When we set out to launch Spotlight PA's first regional bureau, based in State College and covering central and northern Pennsylvania, we knew our communities needed more reporters on the ground.
After all, independent, nonpartisan journalism is essential to the health of our region and the strength of our democracy. So we set out to build a team with a mix of local experience and outside perspective, varying skillsets, diversity, and, most importantly, a commitment to the highest quality public-service journalism.
Today, we're thrilled to introduce them to you and welcome them to our team. Those from the region are staying in the region. And those from elsewhere are moving here. This is the single largest investment in new journalism in our area in decades.
And it's only possible with your support. Join this historic initiative and become a Founding Donor today. As a special bonus, your gift will be DOUBLED thanks to a generous matching grant.
Now, meet your new reporters:
Rural Affairs Reporter Ashad Hajela joins the State College bureau thanks to Spotlight PA's first-ever partnership with Report for America (RFA), a national service program that places journalists in local newsrooms across the United States. He decided to become a journalist during his undergraduate studies at New York University "after I saw its power to elevate voices and hold people in power accountable," he says.
At The News & Observer in Raleigh, North Carolina, he covered crime, criminal justice, the COVID-19 pandemic, and protests following the police killing of George Floyd. He won a statewide award in 2020 for his reporting on high-crime motels in Raleigh. Most recently, he earned a master's degree in investigative journalism from Columbia.
At Spotlight PA State College, Ashad covers issues that affect the communities of rural north-central Pennsylvania. Those stories will span a variety of topics, including agriculture, climate change, housing, health care, utilities, criminal justice, and education.
You can reach Ashad with tips, story ideas, or a warm welcome at email@example.com.
Wyatt Massey, an investigative reporter focused on Penn State, previously worked in the Bible Belt as the religion reporter for the Chattanooga Free Press through RFA. His reporting for the paper uncovered sexual harassment allegations against a multimillionaire televangelist and questioned the validity of a supposed miracle in North Georgia. A graduate of Marquette University, Wyatt has also reported in Baltimore, New York City, and Haiti.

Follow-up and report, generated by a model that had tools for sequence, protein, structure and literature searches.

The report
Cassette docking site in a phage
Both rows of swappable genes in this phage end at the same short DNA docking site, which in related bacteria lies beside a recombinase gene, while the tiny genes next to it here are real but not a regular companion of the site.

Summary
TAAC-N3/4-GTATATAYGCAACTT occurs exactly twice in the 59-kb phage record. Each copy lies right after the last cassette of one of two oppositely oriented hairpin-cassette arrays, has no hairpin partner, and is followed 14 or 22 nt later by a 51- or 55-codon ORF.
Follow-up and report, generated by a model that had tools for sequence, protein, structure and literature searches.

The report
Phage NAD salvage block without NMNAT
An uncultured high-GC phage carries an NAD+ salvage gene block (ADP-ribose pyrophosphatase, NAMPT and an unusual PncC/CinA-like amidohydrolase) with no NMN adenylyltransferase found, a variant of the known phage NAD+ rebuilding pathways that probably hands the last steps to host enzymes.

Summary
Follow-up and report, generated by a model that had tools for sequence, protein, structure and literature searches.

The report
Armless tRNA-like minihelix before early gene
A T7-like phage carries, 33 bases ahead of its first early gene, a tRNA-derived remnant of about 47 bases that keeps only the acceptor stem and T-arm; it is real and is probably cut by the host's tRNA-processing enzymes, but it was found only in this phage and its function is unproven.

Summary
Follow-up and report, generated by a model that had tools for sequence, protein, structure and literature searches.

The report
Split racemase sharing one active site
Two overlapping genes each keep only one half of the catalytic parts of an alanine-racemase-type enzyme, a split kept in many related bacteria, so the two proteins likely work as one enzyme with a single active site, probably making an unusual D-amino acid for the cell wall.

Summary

Wyatt says he's excited to dig into the issues that are important to people connected to Penn State and provide a lens of accountability to a powerful institution. He plans to focus on Penn State's influence on the region and how the university operates internally.
Wyatt runs ultramarathons in the woods and loves to be outside. "I've really only worked in two industries in my life: farming and journalism. Moving to Pennsylvania gives me an opportunity to return to my more rural Midwest roots."
You can reach Wyatt with tips, story ideas, or a warm welcome at firstname.lastname@example.org.
Local accountability reporter Min Xian has covered state and local government, changing communities, and rural issues in central and northern Pennsylvania for the past five years as a reporter with WPSU. Min investigated Pennsylvania's lack of funding for indigenous defense and, amid national protests against police brutality, documented a small rural Pennsylvania town's fight to hold its police chief accountable.
Min worked as a part of several collaborative reporting projects including Keystone Crossroads and America Amplified. She says she's "drawn by nuanced investigative journalism that relates to everyday life." A graduate of Penn State, Min also brings multimedia journalism experience to the State College bureau.
You can reach Min with tips, story ideas, or a warm welcome at email@example.com.
As for me, I'm Sarah Rafacz, the bureau editor and a native of Centre County. I grew up in Pine Grove Mills and graduated from Penn State in 2015. After college, I got a job on the copy desk at the Centre Daily Times and have worked in local journalism in State College since. At the CDT, I reported on local government, development, and Penn State. For the past three-plus years, I was the editor of State College Magazine. There I focused on reflecting the broader scope of the community in its pages. I expanded readership and reach, and wrote about issues affecting local people — from the aftershocks of the police killing of Osaze Osagie to the effects of COVID-19.
I lead the bureau's local coverage efforts, as well as collaborations with partner outlets and community engagement. I believe nonprofit newsrooms are the future of local news because they prioritize accountability, public service, and impact.
You can reach me at firstname.lastname@example.org.
Until next week!